I don’t know what he was playing at, but now the man who I wanted to save but who ended up rescuing me is glaring at me from the other side of the tracks.

Oh, my goodness, he is really standing on the other trackside.

Perhaps I’m hallucinating, but my eyes aren’t complaining; he’s wearing a grey suit and a white shirt from the straps on his shoulders. I guess he has a stylish backpack on like a perfect intern.

Does he recognize me? I don’t have time to ponder; I’m tilting, no I’m falling.

What’s happening?

My eyes open to a dozen faces staring at me; I see my guardian angel amongst the crowd and then blackout.

When I wake up, I feel like I’m in a reboot of my worst nightmare as Rebecca approaches to touch my forehead, I scream and try to yank out the drip.

“Seongsaengnim,” Rebecca screams.

I’m hysterical and convulsing.

Still, Rebbecca holds me down. I didn’t know she had such strength in those thin baguette arms of hers, which don’t even seem to have enough force to stir a coffee spoon.

The nurse puts something in the drip, and a few minutes later, I’m underwater, but I’m not gasping for air, and my angel is there holding both my hands.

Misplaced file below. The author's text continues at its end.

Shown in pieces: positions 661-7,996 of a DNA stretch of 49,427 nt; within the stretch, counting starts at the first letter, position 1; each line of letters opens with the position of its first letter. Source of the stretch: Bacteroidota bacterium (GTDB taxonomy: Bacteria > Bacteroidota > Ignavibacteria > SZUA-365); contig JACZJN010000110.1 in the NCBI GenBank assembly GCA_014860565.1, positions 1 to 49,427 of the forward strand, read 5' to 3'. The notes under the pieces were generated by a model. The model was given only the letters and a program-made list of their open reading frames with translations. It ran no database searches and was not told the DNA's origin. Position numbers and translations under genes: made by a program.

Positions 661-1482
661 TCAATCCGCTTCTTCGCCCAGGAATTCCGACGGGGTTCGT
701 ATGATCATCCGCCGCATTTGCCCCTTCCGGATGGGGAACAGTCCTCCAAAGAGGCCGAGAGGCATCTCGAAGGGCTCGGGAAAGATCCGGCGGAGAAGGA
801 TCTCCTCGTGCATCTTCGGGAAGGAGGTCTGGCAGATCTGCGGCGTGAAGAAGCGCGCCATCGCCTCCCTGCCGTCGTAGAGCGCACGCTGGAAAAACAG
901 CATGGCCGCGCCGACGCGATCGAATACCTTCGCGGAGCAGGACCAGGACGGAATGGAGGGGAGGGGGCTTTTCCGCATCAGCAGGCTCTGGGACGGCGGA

“Neo qwenchana?” [are you okay? Informal], it’s his voice.

For the first time in almost five years, I dream.

It’s a little pressure on my hand, which brings me out of my slumber; Mona’s worried stare is upon me.

“Jane, are you okay?”

I nod as I scan the hospital room.

Mona’s expression relaxes, and all of a sudden, she explodes, “what’s wrong with you, Jane? Please, don’t give me the bull Abby and your parents have been giving me for the last five years because I’m not buying it. You disappear, and a week later, Brad is exiled. Your dad, my father, and Brad’s parents all become secretive, and here you are five years later with a shit load of phobias and problems. Talk to me, Jane.”